Watering of lawns is beneficial to trees if the watering is done correctly. Trees need, on average, the equivalent of one inch of rain every seven to ten days, depending on the species. Tropical rain forest trees may require more. Frequent, shallow watering does not properly meet the needs of either trees or turf and can be harmful to both.

Turf growing under or near trees should be mowed at the top of its recommended mowing height. Mowing off no more than one-third of the grass blade’s height and letting the clippings remain on the lawn does much to ensure a healthy and vigorous lawn. In an ideal situation, tree and turf maintenance would be handled by the same individual in order to maximize the benefits of all maintenance practices.

Special Situations

  • Placing fill dirt around existing trees. Fill dirt frequently is added around existing mature trees so that a level or more visually desirable lawn can be established. Fill dirt changes the ratio of oxygen to carbon dioxide around tree roots and the roots may subsequently die. Consult a tree care expert before adding fill or constructing soil wells around tree trunks.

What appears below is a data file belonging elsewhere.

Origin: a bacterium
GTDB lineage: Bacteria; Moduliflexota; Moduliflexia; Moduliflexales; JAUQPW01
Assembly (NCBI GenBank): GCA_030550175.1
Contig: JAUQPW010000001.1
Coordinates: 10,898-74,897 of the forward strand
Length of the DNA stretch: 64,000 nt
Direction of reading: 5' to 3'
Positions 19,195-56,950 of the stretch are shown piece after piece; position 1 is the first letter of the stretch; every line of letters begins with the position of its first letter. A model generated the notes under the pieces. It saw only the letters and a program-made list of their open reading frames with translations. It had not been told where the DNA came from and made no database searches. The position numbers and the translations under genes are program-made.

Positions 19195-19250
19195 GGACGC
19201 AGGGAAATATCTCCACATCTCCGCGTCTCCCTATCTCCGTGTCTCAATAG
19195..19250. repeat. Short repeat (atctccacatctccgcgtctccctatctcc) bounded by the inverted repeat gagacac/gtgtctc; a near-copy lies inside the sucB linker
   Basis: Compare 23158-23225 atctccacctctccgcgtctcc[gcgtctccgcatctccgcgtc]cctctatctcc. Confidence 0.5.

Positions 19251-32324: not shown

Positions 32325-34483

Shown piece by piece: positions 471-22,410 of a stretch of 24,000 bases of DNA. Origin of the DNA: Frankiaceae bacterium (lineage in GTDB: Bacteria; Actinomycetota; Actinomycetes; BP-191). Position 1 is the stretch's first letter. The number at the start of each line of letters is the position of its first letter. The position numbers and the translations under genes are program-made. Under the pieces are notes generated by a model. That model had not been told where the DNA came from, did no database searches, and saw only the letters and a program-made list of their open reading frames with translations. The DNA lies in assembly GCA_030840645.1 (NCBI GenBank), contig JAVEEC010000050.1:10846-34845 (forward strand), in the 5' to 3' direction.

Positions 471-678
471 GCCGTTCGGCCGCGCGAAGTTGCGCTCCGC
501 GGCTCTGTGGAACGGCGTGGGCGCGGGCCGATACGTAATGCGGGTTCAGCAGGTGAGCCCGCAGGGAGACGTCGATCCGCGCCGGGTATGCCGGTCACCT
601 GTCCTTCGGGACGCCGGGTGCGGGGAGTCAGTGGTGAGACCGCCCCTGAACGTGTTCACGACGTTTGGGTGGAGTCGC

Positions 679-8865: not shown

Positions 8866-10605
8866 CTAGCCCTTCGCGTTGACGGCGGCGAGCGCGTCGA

• Establishing lawns around existing trees. Preparation of a seedbed for lawns requires disruption of the upper 4 to 6 inches of topsoil. This soil contains the feeder roots of trees. Damage to tree roots often results in declining tree tops.
  • Lawn watering in arid sites. Homes are sometimes built in woodlots. In arid regions, the watering that is required to maintain grass is especially damaging to dryland trees. Excess water at the tree trunk encourages growth of fungi that can kill trees.

Thin turfgrass growing around trunk-scarred weak trees does not need to be a common sight in the landscape. With proper planning, proper plant selection and placement, and reasonable management, the many and varied benefits of both trees and turf can be readily achieved.


E-mail inquiries: isa@isa-arbor.com


(c) 1998, 2004 International Society of Arboriculture.
UPDATED JULY 2005

Developed by the International Society of Arboriculture (ISA), a non-profit organization supporting tree care research around the world and is dedicated to the care and preservation of shade and ornamental trees. For further information, contact:
ISA, P.O. Box 3129, Champaign, IL 61826-3129, USA.
E-mail inquires: isa@isa-arbor.com

© 2007 International Society of Arboriculture.
UPDATED SEPTEMBER 2005

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P.O. Box 3129, Champaign, IL 61826